This third controversy developed because the issue of Nestorianism, or at least the Nestorian way of thinking about and describing Christ, had not been completely dealt with.
In 449, Eutyches, the famous and elderly archimandrite of a monastery in Constantinople, was called before the local synod of Flavian, the Patriarch of Constantinople, and accused of teaching that after the union of humanity and Divinity in Christ there was only one nature. Flavian, and some of his bishops, used Antiochean terminology and understood ‘one nature’ as meaning either that the Divinity and humanity were mixed into some third nature, or else that the humanity was not present in the union. Of course Eutyches, not a very competent theologian, was wanting to insist that when the Word of God became incarnate He remained one subject and was not two subjects, the Son of God and a man.
His accusers saw this as an opportunity to both attack St Cyril’s language of ‘one incarnate nature’ and also to curtail the influence of Eutyches in the Imperial court. He was condemned and the local synod expressed the view that it was necessary to say that Christ was two natures, not one, thereby setting themselves at odds with the teaching of St Cyril, and against the settlement of Ephesus in 431.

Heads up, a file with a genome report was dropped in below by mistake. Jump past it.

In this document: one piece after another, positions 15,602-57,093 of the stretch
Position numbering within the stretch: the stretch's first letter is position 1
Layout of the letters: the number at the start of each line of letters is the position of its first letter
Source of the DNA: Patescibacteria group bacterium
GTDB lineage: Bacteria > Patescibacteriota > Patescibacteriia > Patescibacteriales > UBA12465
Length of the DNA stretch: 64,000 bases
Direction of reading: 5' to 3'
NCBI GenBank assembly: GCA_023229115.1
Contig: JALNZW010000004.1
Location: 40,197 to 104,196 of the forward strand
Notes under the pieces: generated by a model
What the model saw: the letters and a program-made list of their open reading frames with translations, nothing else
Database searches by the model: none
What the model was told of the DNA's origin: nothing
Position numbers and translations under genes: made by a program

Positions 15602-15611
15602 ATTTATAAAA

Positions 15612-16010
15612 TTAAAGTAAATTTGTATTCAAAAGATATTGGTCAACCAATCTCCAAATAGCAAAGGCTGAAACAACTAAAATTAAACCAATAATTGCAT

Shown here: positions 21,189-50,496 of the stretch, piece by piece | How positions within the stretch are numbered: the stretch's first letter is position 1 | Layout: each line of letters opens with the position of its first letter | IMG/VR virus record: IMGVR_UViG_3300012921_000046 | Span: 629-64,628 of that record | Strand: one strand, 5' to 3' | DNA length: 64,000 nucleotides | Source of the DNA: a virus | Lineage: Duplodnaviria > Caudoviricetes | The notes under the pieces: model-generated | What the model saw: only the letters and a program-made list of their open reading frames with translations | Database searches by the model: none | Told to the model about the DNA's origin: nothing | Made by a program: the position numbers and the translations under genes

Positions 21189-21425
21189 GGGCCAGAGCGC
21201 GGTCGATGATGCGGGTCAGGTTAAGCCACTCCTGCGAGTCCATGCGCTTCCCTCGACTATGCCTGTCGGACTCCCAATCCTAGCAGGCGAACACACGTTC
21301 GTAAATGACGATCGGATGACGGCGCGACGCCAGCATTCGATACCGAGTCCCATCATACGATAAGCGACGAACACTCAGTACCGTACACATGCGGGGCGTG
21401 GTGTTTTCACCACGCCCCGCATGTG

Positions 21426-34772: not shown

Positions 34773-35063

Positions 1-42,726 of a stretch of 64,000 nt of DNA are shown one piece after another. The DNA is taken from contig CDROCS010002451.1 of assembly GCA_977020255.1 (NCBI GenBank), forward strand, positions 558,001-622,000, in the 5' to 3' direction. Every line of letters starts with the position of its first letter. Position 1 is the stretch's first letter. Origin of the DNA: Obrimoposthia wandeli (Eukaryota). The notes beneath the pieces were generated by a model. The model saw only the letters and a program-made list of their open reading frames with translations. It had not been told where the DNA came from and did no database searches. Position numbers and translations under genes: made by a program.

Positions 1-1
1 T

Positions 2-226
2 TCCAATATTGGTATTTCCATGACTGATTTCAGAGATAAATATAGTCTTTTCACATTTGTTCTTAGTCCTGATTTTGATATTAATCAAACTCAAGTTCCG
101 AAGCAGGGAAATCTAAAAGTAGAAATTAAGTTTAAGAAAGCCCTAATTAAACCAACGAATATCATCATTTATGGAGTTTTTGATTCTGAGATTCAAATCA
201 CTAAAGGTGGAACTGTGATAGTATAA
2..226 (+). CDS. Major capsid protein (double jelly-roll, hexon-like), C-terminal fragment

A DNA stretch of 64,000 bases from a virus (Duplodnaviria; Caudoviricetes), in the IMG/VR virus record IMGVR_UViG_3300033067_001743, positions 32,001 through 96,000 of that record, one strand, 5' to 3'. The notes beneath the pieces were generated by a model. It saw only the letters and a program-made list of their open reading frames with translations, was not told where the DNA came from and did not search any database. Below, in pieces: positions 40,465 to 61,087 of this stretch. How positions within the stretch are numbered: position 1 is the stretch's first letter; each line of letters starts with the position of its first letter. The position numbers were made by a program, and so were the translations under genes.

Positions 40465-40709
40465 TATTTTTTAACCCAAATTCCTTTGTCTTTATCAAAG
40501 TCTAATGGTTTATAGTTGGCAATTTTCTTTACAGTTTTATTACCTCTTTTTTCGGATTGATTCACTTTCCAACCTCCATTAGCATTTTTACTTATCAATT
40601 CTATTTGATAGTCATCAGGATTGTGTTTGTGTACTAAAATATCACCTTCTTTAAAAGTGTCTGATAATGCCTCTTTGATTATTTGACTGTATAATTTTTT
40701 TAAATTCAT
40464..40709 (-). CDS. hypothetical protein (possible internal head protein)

At Ephesus St Cyril’s anathemas had been received, which say in part..
2. If anyone does not confess that the Word from God the Father has been united by hypostasis with the flesh and is one Christ with his own flesh, and is therefore God and man together, let him be anathema.
3. If anyone divides in the one Christ the hypostases after the union, joining them only by a conjunction of dignity or authority or power, and not rather by a coming together in a union by nature, let him be anathema.
4. If anyone distributes between the two persons or hypostases the expressions used either in the gospels or in the apostolic writings, whether they are used by the holy writers of Christ or by him about himself, and ascribes some to him as to a man, thought of separately from the Word from God, and others, as befitting God, to him as to the Word from God the Father, let him be anathema.